LANSING, Mich. – The Michigan Senate set the stage Wednesday for a potential vote on a plan to raise $1.5 billion more a year to fix deteriorating roads, primarily through a significant hike in fuel taxes paid by drivers.
The chamber revised a House-approved transportation funding plan but stopped short of voting until next week, to see if majority Republicans and minority Democrats can strike a bipartisan deal to boost what often is seen as a third rail in politics: gas taxes. Democrats, for instance, want assurances that Michigan’s minimum wage will be increased.
Key elements of the Senate plan would:
— Calculate per-gallon taxes on fuel prices starting next January. The tax would start at 9.5 per cent, effectively increasing the state’s 19-cents-a-gallon gasoline tax by 10 cents and doubling the 15-cent diesel tax assuming the statewide average wholesale price of gas is $3. The gas tax would rise to 11.5 per cent (around 34 cents) in 2016 if prices stay intact, 13.5 per cent (40 cents) in 2017 and 15.5 per cent (46 cents) in 2018.
The tax could rise or fall no more than 5 per cent in future years to account for any major year-to-year fluctuations in price. A penny increase in fuel taxes generates $50 million in additional revenue.
— No longer allow license plate fees, which are based on a percentage of a vehicle manufacturer’s suggested retail price at the time it is first titled, to drop by 10 per cent each year for the first three annual plate renewals, generating $145 million more.
— Permanently dedicate a portion of the 6 per cent sales tax at the pump to road, bridges and public transit, setting aside $192 million more by taking it from the state’s general fund.
“If we don’t do something about the roads this year, we’re shirking our responsibility,” said Senate Majority Leader Randy Richardville, R-Monroe. “We were sent up here to lead and to take on tough issues. I think that we’re ready and people are going to step up to the plate.”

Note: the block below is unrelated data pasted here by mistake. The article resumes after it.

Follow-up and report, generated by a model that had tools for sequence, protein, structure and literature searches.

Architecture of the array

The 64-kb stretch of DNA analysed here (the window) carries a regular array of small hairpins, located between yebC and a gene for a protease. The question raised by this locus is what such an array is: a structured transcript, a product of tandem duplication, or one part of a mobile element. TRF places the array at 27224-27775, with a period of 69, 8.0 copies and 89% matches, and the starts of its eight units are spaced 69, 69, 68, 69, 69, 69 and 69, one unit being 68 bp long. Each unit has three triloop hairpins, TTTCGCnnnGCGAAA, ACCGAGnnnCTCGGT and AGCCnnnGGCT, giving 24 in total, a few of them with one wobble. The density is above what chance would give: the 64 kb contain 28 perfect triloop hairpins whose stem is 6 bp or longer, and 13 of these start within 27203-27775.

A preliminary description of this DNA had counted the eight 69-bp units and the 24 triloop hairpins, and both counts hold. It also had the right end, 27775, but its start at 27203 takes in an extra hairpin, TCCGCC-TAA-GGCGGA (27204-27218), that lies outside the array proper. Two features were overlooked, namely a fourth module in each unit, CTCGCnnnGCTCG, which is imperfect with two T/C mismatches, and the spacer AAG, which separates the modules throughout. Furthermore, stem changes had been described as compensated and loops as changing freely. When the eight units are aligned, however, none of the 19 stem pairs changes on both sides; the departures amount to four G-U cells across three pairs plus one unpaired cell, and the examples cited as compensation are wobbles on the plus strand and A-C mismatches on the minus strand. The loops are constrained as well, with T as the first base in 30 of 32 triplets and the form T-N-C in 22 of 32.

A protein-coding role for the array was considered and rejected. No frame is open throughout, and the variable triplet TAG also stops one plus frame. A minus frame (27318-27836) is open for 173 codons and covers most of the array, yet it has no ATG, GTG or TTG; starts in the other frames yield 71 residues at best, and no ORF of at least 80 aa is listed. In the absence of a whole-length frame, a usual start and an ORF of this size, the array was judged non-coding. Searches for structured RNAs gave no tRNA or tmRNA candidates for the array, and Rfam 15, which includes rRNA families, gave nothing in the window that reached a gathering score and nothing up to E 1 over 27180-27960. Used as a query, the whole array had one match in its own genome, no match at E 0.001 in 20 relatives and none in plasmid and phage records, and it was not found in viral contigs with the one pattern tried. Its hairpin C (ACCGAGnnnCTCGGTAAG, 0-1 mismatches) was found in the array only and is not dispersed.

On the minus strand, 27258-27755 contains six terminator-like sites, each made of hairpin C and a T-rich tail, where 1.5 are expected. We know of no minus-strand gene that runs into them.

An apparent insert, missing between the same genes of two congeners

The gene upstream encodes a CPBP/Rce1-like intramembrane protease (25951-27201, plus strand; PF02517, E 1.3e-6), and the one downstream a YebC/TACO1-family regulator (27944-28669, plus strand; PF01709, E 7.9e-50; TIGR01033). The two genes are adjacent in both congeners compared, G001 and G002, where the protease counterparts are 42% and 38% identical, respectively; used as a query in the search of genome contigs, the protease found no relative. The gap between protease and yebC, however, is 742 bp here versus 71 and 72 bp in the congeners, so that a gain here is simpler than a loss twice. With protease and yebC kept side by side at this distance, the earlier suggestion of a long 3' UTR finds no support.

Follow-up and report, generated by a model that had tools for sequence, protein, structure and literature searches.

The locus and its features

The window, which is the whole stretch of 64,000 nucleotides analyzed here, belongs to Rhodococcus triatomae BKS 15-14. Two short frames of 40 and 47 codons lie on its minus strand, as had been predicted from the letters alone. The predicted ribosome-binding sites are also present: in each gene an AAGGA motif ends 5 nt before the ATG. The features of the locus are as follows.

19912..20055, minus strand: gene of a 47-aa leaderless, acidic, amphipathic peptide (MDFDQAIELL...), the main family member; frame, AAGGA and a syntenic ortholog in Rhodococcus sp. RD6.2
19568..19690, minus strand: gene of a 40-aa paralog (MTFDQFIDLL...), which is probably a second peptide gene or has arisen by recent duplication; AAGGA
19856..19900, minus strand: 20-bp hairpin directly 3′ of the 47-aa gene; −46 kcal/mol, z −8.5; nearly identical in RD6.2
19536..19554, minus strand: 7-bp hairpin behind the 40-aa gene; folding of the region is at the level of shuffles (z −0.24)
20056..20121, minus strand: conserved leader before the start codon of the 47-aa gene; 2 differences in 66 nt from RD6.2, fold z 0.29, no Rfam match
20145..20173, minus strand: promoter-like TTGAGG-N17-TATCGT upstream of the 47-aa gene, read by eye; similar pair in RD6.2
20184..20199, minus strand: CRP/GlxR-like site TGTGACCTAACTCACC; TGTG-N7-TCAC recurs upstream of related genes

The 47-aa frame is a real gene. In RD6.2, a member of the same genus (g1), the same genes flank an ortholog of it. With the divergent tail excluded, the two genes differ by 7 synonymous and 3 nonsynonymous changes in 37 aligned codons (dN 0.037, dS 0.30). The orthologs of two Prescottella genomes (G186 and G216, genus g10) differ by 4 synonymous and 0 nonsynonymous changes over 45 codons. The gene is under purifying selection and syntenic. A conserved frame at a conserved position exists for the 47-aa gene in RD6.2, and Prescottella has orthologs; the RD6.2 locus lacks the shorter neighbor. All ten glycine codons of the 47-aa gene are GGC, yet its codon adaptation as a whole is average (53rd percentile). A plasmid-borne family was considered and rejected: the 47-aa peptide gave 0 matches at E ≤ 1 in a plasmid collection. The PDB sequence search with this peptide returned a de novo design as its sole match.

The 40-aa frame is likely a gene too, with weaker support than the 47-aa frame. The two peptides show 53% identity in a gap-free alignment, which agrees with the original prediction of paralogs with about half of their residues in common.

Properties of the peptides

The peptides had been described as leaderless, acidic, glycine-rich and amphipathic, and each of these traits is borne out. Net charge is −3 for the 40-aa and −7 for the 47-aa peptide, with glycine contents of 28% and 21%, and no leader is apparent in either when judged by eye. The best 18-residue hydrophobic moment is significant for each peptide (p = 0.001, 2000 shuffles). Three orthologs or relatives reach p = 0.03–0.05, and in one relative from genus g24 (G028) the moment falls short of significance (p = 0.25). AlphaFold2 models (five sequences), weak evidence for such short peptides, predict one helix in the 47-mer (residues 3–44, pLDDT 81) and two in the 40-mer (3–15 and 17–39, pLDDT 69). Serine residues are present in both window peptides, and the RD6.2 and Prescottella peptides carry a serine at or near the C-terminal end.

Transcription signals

But there is no guarantee the Senate, where 26 of 38 members are Republicans, will support a major tax hike.
“The first option always considered in Lansing appears to be: ‘Raise taxes,’” said Sen. Patrick Colbeck, R-Canton Township.
The less controversial House proposal would raise $450 million more a year for Michigan’s $2.7 billion road and bridges budget and has been called a positive step forward after years of legislative inaction. But Republican Gov. Rick Snyder and others say between $1.3 billion and $2 billion is needed at a minimum to bring roads up to par or else the system will fall further into disrepair.
Richardville estimated the Senate bills would put up to $700 million more into roads in the first year and $1.5 billion above current levels by 2018.
Flat per-gallon fuel taxes — last raised in 1997 — have been faulted for declining state transportation revenue as people drive less and with more fuel-efficient vehicles.
Snyder says residents pay hundreds of dollars annually on unnecessary vehicle repairs due to shoddy roads. The business community contends that failing to address aging infrastructure is bad for economic development, and organized labour says additional road construction creates jobs.
Democrats also have concerns about the Senate legislation, noting that it does not include a House-passed bill that would raise fees and fines on overweight trucks. The panel’s chairman, Sen. Roger Kahn, R-Saginaw Township, said he plans to have hearings on the rest of the House package starting next week.
“A low-income family, someone that’s working minimum wage and has to drive 15, 20 miles to get to their job, it’s going to be a lot harder for them to make ends meet now,” said Robert McCann, spokesman for Senate Minority Leader Gretchen Whitmer, D-East Lansing. “We’re trying to fight for more fairness in this bill and get something that gets the investment we need in our roads.”
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